Businesses in this state believe it is important that all employees be treated the same; however, with the prospective application of AB 51, employees in the same workforce will have arbitration agreements while others will not. Arbitration has long been deemed to be faster, simpler, cheaper, and less adversarial as a mode of dispute resolution in comparison to litigation. Even the Supreme Court has recognized “real benefits to the enforcement of arbitration agreements” in the employment context.
More than 30 years ago, the U.S. Supreme Court held that the FAA preempted a California Labor Code provision requiring that wage collection actions be resolved in court “without regard to the existence of any private agreement to arbitrate.” The Court concluded that prohibiting arbitration of wage disputes was in “unmistakable conflict” with the FAA, so that, “under the Supremacy Clause, the state statute must give way.”
Furthermore, AB 51’s special restrictions on the ability of businesses to enter into arbitration agreements with their workers, especially coupled with the extraordinary sanction of criminal penalties—restrictions and penalties that do not apply to other types of contracts—violate Section 2 of the FAA.
The U.S. Supreme recently held, a “rule that “singles out arbitration provisions for suspect status” in this manner “directly conflicts with § 2 of the FAA.”
The business groups also argue that none of the arguments that were raised against preemption in the California Legislature by the proponents of AB 51 withstand judicial scrutiny. That is due to U.S. Supreme Court precedent which forecloses the contention that AB 51 avoids preemption because “its edicts would apply equally to waiver of any dispute resolution forum or procedure.” Ironically, the Senate and Assembly Floor analyses for AB 51 underscore that the measure is specifically targeted to preclude the use of arbitration agreements as a condition of employment.
As mentioned, the Supreme Court’s decision in Kindred Nursing Homes also squarely repudiates the assertion by AB 51’s proponents that “[t]he Supreme Court has never ruled that the FAA applies in the absence of a valid agreement.” In fact, the Supreme Court has made clear that the FAA’s “equal footing principle” applies not only to the enforcement of arbitration agreements once formed, but also to “what it takes to enter into them.”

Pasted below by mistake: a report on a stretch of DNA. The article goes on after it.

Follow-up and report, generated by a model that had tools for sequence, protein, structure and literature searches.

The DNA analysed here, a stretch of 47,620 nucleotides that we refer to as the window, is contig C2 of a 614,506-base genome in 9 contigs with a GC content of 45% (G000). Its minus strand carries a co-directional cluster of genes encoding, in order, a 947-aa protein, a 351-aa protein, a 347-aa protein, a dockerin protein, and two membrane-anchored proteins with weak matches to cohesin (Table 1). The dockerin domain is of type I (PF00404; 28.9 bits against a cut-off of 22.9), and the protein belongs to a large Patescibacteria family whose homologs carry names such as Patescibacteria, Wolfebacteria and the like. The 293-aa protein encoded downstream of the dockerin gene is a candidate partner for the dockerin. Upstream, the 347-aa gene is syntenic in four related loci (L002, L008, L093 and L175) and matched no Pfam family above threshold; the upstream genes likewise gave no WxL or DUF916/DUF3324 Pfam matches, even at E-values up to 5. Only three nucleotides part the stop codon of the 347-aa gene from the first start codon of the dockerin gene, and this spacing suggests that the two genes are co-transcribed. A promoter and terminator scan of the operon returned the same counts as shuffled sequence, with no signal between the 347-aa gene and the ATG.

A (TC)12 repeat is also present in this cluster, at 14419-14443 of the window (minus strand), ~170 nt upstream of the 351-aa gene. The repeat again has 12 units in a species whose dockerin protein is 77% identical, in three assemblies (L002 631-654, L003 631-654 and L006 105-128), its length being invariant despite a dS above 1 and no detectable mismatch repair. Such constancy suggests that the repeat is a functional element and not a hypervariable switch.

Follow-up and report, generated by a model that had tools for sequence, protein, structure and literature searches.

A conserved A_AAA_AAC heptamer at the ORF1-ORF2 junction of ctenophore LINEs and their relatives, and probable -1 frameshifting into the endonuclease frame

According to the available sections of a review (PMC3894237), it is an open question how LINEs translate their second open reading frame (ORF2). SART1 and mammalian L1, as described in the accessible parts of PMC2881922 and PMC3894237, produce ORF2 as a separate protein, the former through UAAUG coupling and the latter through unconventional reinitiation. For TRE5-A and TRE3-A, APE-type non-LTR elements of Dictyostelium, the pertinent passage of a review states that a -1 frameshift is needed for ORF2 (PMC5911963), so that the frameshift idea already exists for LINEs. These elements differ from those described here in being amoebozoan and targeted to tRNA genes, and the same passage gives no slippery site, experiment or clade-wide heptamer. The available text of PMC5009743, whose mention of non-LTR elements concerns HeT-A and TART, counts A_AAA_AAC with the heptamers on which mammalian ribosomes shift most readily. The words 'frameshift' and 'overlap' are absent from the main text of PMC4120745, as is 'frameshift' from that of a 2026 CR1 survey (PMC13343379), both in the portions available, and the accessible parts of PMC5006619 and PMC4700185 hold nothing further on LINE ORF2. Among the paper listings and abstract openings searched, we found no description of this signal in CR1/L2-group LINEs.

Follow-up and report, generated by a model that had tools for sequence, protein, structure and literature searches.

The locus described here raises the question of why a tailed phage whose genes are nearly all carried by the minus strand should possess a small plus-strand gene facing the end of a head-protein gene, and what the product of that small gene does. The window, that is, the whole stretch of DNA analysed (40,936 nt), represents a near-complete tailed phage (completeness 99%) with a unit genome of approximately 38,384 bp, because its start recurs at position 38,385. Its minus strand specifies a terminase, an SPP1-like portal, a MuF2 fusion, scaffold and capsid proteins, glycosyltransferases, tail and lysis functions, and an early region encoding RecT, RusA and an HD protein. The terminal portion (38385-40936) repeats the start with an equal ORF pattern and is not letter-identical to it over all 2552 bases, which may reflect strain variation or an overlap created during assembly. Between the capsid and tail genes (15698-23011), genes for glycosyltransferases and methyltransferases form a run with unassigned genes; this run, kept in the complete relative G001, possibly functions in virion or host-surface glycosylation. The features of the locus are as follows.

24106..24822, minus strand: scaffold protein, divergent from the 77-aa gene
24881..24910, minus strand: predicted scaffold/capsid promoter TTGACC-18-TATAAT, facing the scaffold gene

And, this result is not altered by the language that was belatedly added to AB 51, stating that the statute is not “intended to invalidate a written arbitration agreement that is otherwise enforceable under the Federal Arbitration Act.” Regardless of whether an arbitration agreement governed by the FAA is valid once formed, AB 51 penalizes employers—with potential criminal liability—for forming an arbitration agreement in the first place.
The business groups also note that their member companies are likely to experience a spike in the filing of meritless lawsuits, as some members of the plaintiffs’ bar may try to leverage the sudden increase in employers’ defense costs to obtain windfall settlements for baseless claims that would never have been filed in arbitration.
These associations also cited reasons why arbitration provides workers with a fair and effective means of resolving disputes: The procedures in arbitration are fair; the forum offers workers simple procedures that can be navigated without a lawyer; the court system is long delayed by overcrowded dockets; without arbitration, many workers would not have any meaningful remedy; and, arbitration is faster than court litigation.
Ironically, it was back in 1987 that the U.S. Supreme Court first struck down a California statute on FAA preemption grounds. The Court ruled that a Labor Code provision (which attempted to require certain disputes be only submitted to the Labor Commissioner) that disfavors arbitration is preempted by federal law.
More recently, the U.S. Supreme Court has explained that the FAA preempts both any state rule that “discriminates on its face against arbitration” along with any rule “that covertly accomplishes the same objective by disfavoring contracts that . . . have the defining features of arbitration agreements.”
The goal of this federal lawsuit against AB 51 is to declare the bill is preempted by the Federal Arbitration Act and therefore invalid as applied to arbitration agreements or, in the alternative, that the text of AB 51 itself precludes application of the statute to formation and enforcement of arbitration agreements that are covered by the FAA.
The business groups also seek to enjoin the State of California and its officials from enforcing AB 51. A preliminary ruling is expected in January.